Daycare Comes to the Democratic Presidential Debates

robert franklin

August 13, 2019 by Robert Franklin, Esq.

Presidential hopeful Joe Biden is in hot wateragain (Wall Street Journal, 8/4/19). But this time it’s noteworthy because he’s in trouble for speaking the truth some 38 years ago.

In 1981, Biden cast the only Senate vote against a bill that provided federal subsidies to providers of daycare services for kids. He also wrote an op-ed explaining his reasons for his ‘No’ vote.

“It’s a sad commentary on our society,” Mr. Biden wrote in 1981, “when the Senate of the United States says, as a matter of social policy, that we should make it easier for people who have neither the financial necessity nor the personal need to forsake their responsibility to care for their own children.”

Now, to a certain extent, Biden was setting up a straw man. His message included the notion that affluent parents callously farm out their children to daycare so they can work to acquire ever more material goods.
“I do not believe,” Mr. Biden wrote, “that the federal government should be a party to a system which encourages couples to place their children in day-care centers in order to acquire material possessions that go far beyond any family basic necessities.”

Hmm. I’m not as confident as Biden was that many people actually do that. My opinion is based in part on the fact that children with, for example, college-educated parents, are more likely than others to live in intact families throughout their childhoods and to demonstrate better mental health and more pro-social behaviors. About 8% of college-educated parents have children outside of marriage versus 42% for the society generally. I’m also not ready to buy into the narrative of the cold, callous and dysfunctional “wealthy.” If there’s any factual support for that narrative, I haven’t seen it.

Still, Biden had a point. Federal largess has the power to alter behavior, in this case to encourage parents to consign their kids to daycare either when it’s not necessary or earlier than necessary. Biden’s op-ed can be read as raising the alarm about that and only that.

And, as the WSJ op-ed writer, psychoanalyst Erica Komisar, rightly points out, encouraging the use of daycare is just not sound policy.

Family—including extended family—is the best way to care for children. Day care is the least healthy option, especially in the first three years. It leaves children bereft, anxious and depressed. 

Indeed. Particularly very young children have been shown to be traumatized at being separated from their parents, to whom they’ve formed vital attachments during the first months of life. A day in daycare can be a lifetime to an infant. During that time, its level of cortisol rises and remains elevated. Day after day spent without parents and home can produce the elevated levels of cortisol that study after study show to be associated with serious emotional and behavioral deficits throughout childhood and later in life. You can read more on the subject of daycare and its impact on child well-being here, here and here. Each of those links has other links to articles and studies on the subject.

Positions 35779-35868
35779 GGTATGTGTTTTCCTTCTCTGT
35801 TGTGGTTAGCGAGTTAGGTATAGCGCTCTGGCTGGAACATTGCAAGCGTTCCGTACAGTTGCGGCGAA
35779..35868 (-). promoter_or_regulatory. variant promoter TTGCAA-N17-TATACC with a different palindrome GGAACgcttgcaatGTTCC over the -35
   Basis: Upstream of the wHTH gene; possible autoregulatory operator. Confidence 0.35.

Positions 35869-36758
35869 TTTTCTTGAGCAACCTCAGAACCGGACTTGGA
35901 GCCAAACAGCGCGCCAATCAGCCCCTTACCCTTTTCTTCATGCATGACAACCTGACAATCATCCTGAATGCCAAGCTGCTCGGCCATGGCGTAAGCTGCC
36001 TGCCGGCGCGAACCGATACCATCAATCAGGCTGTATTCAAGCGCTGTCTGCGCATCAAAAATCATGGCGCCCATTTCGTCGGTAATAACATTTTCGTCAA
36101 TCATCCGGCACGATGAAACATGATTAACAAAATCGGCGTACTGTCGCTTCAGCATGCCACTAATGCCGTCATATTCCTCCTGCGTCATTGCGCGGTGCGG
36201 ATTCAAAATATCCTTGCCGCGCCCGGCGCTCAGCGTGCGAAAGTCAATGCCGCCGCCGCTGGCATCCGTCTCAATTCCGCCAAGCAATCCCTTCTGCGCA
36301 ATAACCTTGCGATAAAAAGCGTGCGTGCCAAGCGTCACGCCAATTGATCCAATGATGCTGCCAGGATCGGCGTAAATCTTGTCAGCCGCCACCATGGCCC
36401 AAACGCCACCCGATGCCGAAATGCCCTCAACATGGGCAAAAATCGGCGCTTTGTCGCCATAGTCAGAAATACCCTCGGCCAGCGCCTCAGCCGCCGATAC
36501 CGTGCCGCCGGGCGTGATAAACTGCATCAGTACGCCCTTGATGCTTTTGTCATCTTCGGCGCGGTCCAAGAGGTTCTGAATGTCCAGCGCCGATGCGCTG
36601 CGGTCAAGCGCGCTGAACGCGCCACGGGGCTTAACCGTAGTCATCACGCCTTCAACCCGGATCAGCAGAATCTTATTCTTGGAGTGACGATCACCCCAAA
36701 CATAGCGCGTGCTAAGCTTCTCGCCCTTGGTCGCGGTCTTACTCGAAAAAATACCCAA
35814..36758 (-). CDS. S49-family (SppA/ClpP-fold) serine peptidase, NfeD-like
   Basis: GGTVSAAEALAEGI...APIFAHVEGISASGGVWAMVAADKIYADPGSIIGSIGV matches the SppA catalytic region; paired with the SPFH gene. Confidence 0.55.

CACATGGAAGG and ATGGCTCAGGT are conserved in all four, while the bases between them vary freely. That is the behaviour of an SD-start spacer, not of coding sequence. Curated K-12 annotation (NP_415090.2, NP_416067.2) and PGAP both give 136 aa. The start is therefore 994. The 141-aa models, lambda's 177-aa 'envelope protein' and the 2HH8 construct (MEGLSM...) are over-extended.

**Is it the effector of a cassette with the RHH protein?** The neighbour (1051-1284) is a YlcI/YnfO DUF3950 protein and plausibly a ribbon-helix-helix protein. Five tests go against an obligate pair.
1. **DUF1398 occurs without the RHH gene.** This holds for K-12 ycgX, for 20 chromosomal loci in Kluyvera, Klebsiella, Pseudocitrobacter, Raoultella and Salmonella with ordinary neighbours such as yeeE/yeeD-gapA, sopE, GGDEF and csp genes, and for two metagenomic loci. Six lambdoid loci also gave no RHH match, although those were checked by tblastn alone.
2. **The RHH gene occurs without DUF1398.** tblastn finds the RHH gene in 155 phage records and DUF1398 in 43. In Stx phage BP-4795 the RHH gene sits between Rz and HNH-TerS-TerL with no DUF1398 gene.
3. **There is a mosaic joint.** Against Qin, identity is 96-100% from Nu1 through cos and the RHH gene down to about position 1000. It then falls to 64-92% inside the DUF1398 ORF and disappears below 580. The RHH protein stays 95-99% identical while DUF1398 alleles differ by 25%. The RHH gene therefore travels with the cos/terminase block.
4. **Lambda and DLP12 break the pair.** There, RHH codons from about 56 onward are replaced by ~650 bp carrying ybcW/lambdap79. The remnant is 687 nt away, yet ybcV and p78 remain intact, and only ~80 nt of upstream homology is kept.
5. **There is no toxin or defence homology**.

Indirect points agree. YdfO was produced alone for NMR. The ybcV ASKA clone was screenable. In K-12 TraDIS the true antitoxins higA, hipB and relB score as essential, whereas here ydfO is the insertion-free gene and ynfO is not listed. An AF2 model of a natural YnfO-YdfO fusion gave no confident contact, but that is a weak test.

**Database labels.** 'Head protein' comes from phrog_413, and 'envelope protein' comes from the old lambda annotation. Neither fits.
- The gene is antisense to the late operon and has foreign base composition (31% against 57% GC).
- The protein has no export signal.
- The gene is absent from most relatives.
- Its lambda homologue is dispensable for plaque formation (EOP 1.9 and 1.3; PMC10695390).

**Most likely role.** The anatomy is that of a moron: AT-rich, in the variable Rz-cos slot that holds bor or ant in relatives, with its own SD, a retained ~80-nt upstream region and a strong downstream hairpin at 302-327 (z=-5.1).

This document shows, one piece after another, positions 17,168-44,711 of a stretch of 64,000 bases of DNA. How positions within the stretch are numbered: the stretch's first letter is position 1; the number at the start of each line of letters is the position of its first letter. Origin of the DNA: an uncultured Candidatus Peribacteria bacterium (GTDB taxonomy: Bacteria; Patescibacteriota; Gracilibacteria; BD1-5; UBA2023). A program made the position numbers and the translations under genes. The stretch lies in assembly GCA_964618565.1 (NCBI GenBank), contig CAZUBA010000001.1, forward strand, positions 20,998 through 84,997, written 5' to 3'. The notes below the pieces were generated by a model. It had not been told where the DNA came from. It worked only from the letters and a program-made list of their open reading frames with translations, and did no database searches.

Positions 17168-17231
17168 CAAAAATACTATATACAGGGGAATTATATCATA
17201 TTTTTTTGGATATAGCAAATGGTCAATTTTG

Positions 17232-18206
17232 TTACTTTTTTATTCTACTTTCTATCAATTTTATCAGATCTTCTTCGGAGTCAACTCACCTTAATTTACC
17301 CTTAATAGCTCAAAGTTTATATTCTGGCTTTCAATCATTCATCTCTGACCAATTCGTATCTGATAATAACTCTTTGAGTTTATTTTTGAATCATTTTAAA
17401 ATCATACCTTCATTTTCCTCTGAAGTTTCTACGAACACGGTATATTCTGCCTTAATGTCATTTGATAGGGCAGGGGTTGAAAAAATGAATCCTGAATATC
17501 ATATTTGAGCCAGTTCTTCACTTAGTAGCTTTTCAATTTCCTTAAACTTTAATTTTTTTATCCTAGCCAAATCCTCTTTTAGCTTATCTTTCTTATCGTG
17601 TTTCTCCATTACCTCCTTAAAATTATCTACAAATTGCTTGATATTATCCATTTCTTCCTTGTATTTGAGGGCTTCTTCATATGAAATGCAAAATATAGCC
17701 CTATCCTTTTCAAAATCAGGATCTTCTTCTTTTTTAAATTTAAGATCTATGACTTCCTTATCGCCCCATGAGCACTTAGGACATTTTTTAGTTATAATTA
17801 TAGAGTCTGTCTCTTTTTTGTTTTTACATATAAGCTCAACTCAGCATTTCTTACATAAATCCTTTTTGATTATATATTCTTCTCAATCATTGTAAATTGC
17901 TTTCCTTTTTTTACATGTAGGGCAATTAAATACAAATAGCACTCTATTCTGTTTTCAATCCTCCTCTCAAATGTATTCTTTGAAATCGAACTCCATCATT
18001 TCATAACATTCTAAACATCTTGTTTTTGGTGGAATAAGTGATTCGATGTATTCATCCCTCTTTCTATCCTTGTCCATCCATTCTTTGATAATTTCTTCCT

Beyond its potential to harm children is the fact that, due to the existence of daycare and the failure of public discourse to present a balanced picture of its power to harm kids, judges are known to simply substitute daycare for dad care, even though daycare costs and dad care doesn’t. Here at NPO, we’ve dealt with cases of exactly that. As long as judges don’t have the full picture on daycare, it’s no surprise that they sometimes deny a father time with his child due to the ready availability of daycare.

Needless to say, daycare is, for many families, a necessity, not a choice. Those are the families to whom Biden wanted to provide subsidized care. However we reform family law, practices and customs, I doubt we’ll ever be without daycare for some. But everyone contemplating whether or not to place their child in daycare should have access to the facts about it and its potential impact on their children.

Parents need to know the toll it can take and that the younger the child when he/she enters daycare, the higher that toll is likely to be. Armed with that information and to the extent possible, parents can choose the best option for their children and themselves. Sadly, and to the detriment of public policy, the facts about daycare and child well-being are little known. Some 38 years after Biden first sounded the alarm, the reality of daycare for kids is obscured in a cloud of ideology that makes criticism of it all but verboten. Thanks to Erica Komisar for making the public a bit more aware of that important topic.

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